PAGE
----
Ignition warning, is it true or false? - Off-Road Forums & Discussion Groups
Jeep-Short Wheelbase All discussion of short wheelbase Jeeps: CJ, TJ, YJ and JK

 
LinkBack Thread Tools Display Modes
post #1 of (permalink) Old 12-06-2005, 05:09 AM Thread Starter
 
Join Date: Feb 2004
Posts: 946
Thanks: 0
Thanked 0 Times in 0 Posts
 
Ignition warning, is it true or false?

I just recalled interesting artical warning about leaving a spark plug wire off.

I was always courious as to why many FSM states that you should never pull a spark plug wire off an engine to test if the plug is not firing. I always though this was because your dumping raw fuel into the catalytic converter and it would overheat. I always though "well heck, if it's not firing anyway you already have a problem".

Appearently what this person says happens is that since the current is not discharging thru the spark plug it finds some other path to ground. Usually inside the distributor. It's worse in some positions than others because of the layout of the distributor. They actually list the positions prone to problems.

Maybe this leads to carbon tracking or burn thru of the rotor. Possibly damaging the electronics if the spark find a path thru the controller.?

I never seen this type of problem before but there have been many mysterious ignition problems that upon reflection may be caused by such conditions.

What do you guys think? Is there a greater tendency for the spark to discharge inside the distributor if a spark plug wire is left disconnected ??

I'll see if I can find the artical.
John_Strenk is offline  
Sponsored Links
Advertisement
 
post #2 of (permalink) Old 12-06-2005, 05:26 AM
Addict
 
84_CJ7's Avatar
 
Join Date: Jun 2003
Location: Valdosta, Georgia
Posts: 413
Thanks: 3
Thanked 0 Times in 0 Posts
 
Re: Ignition warning, is it true or false?

When I was converting to the Stealth HEI Module (which many of you helped with) I read that pulling the plug wire would cause the very problem you described. I came across this tool -

It's an HEI ignition tester.

Accurately check for spark in ignition systems without removing spark plug from engine. Testers verify that energy is sufficient for spark plug to fire. Attach spark plug wire to tester end. Clamp tester to engine as ground. Crank engine and check for spark.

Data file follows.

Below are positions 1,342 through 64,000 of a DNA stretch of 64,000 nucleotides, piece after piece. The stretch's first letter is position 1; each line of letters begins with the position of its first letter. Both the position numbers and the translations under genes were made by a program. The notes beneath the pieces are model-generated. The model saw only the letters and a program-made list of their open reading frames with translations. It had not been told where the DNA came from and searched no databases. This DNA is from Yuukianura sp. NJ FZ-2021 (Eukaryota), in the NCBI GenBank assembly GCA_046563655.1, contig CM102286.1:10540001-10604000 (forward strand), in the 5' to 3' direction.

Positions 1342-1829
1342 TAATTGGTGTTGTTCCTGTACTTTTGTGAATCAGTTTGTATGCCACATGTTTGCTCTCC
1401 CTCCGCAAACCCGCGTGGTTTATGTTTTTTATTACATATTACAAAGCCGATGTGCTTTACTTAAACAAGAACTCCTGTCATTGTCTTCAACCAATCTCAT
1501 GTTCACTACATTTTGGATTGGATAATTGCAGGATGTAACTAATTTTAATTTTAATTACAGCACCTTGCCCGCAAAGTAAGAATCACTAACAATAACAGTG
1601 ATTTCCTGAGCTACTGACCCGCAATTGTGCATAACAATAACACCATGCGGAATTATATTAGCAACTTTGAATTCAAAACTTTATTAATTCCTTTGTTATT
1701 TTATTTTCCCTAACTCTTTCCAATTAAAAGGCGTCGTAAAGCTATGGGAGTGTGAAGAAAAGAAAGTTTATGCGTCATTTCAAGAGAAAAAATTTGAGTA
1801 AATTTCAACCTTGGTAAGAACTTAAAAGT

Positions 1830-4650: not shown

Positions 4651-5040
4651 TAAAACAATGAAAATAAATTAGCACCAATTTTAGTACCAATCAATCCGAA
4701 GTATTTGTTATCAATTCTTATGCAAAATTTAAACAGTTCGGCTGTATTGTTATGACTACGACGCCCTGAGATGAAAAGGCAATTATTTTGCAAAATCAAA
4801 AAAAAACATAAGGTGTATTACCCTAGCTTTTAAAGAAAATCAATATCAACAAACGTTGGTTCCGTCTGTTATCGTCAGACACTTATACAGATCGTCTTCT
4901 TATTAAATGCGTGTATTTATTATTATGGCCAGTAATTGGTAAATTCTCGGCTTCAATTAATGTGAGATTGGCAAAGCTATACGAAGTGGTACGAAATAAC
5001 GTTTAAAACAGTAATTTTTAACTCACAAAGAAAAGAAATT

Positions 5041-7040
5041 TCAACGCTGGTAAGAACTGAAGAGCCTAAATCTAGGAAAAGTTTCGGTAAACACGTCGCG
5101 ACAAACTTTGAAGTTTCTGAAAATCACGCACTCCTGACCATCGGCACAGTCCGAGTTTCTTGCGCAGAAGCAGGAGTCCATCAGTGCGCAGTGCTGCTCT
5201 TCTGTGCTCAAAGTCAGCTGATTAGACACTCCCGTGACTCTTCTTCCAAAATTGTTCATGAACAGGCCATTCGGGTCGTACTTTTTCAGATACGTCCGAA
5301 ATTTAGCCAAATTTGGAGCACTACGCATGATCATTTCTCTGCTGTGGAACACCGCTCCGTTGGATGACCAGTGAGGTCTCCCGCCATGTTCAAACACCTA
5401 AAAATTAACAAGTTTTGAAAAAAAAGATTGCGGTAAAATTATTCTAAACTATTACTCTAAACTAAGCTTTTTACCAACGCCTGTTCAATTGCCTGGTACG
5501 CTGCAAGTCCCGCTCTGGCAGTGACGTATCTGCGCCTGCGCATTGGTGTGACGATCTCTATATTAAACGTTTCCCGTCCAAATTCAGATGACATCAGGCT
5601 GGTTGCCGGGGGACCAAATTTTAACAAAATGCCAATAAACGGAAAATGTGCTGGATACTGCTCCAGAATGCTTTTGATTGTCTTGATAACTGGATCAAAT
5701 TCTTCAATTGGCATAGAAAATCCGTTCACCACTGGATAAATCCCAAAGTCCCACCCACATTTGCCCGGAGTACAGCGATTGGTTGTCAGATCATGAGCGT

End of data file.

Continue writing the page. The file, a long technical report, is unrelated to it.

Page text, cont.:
84_CJ7 is offline  
post #3 of (permalink) Old 12-06-2005, 06:33 AM Thread Starter
 
Join Date: Feb 2004
Posts: 946
Thanks: 0
Thanked 0 Times in 0 Posts
 
Re: Ignition warning, is it true or false?

[ QUOTE ]
..It's an HEI ignition tester.

Accurately check for spark in ignition systems without removing spark plug from engine. Testers verify that energy is sufficient for spark plug to fire. Attach spark plug wire to tester end. Clamp tester to engine as ground. Crank engine and check for spark.

[/ QUOTE ]

HEI ignition tester? [img]/ubbthreads/images/graemlins/smile.gif[/img] I wonder what the difference is ?? It's just like the one I got to test the spark on my lawn motor;
John_Strenk is offline  
Sponsored Links
Advertisement
 
post #4 of (permalink) Old 12-06-2005, 06:51 AM
Way Outta Control
 
Join Date: Sep 1999
Location: usa
Posts: 10,815
Thanks: 0
Thanked 1 Time in 1 Post
 
Re: Ignition warning, is it true or false?

It's true.
The voltage from the coil rises and rises. Normally the energy finds it's way to ground through the wire to the plug, but it will go the easiest path.
Disconnected it rises much further than normal - to it's highest potential.

The distributor insides is designed to let it go that high without jumping anywhere. Notice the better caps have barriers or ridges on the inside - helping increase that resistance.

But - a little moisture, a little dirt etc allows that energy to follow along it - to wherever! Moisture and dirt is conductive. If it finds it's way to the module circuit - usually by hitting the pick-up coil - poof!

(One way to prevent that - when you pull a plug wire stick your finger in the hole - it will safely go to ground through you. NO!!!!)

As far as pulling the wires to find one that's not firing - if the wire was broken it was already going high - no problem. If it wasn't firing because the plug was shorted/founded/grounded, then pulling the wire allows the voltage to rise.

ne thing to remember - when pulling wires to find a not firing cylinder - always pull it at the cap end of the wire.
1 - it's easier, 2- it's much safer. When you pull the wire off at the plug, you are now holding onto a "hot" wire with lots of voltage in it - coyuld get exciting. If you pull the wire at the distributor end - you are holding onto a dead wire - safe.

Whenever you are touching the ignition wires, always use only one hand. Try not to lean on the fender while doing it.
If you have one hand touching ground, and the spark hits your other hand, the energy passes up one arm and down the other - right through your heart! Not good! It can stop your heart - yes, it's happened.